On Monday, the Supreme Court rejected an attempt to revive a defamation lawsuit filed by former Chicago Bulls player Scottie Pippen against media outlets that falsely reported he filed for bankruptcy.
In 2011, Pippen sued CBS Interactive Inc., NBC Universal Media LLC, and other large media companies, seeking $10 million in damages. Pippen’s camp called out the media companies for their “sloppy conduct” in writing about Pippen’s bankruptcy filing.
However, the lower courts dismissed the lawsuit, since they said that Pippen is a public figure and he could not prove that the media outlets reported his bankruptcy with actual malice. The court was looking for evidence that the media reported the news knowing that it was false information, and Pippen could not provide the evidence.
Pippen, on the other hand, claimed that the media companies refused to take down the news even after telling them that there was no truth to it.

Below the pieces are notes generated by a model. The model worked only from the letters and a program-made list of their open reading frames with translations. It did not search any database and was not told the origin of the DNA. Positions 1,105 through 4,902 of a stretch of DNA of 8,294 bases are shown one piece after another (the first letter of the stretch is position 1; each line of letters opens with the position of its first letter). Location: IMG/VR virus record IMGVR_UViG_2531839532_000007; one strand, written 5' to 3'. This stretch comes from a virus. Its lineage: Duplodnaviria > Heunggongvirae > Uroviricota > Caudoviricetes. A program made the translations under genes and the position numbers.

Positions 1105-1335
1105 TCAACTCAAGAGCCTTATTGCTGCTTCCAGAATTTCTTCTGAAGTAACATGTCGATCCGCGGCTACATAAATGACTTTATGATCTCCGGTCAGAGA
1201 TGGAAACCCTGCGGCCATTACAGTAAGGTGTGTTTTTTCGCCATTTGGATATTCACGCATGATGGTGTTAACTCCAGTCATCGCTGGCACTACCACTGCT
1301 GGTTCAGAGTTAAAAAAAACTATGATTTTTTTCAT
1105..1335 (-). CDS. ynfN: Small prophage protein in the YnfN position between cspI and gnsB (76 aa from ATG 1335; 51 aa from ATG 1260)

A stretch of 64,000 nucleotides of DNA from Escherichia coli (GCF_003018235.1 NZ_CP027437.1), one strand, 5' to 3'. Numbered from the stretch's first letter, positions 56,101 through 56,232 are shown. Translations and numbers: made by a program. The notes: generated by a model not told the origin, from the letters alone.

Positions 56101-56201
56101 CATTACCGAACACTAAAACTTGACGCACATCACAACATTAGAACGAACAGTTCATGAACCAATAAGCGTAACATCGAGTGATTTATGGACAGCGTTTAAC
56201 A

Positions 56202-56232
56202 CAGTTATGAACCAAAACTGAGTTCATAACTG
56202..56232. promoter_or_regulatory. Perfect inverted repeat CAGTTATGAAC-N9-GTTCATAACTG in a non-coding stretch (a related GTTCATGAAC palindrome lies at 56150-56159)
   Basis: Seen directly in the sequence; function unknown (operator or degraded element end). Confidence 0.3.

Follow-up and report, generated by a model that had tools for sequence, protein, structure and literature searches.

In 2011, there were reports of Pippen’s irresponsible spending. One really big blunder he made was purchasing a jet that did not work. He spent $4 million for the jet, and another $1 million to have it fixed. Reports also indicate that Pippen wasted a lot of his money from his basketball days on bad investments.
CNBC also placed Pippen in an article entitled “15 Athletes Gone Bankrupt.” They reported that Pippen lost $120 million of his career earnings due to his spending.
Sources said that Pippen has gone through financial hardships since his retirement from professional basketball in 2005. Much of the financial loss can be attributed to bad advice from his legal and financial advisers.
Pippen is considered one of the best small forwards in NBA history. He played an instrumental role in helping the Chicago Bulls win six NBA titles between 1991 – 1998. He also helped the Bulls set a record 72 wins in the 1995-1996 regular season.
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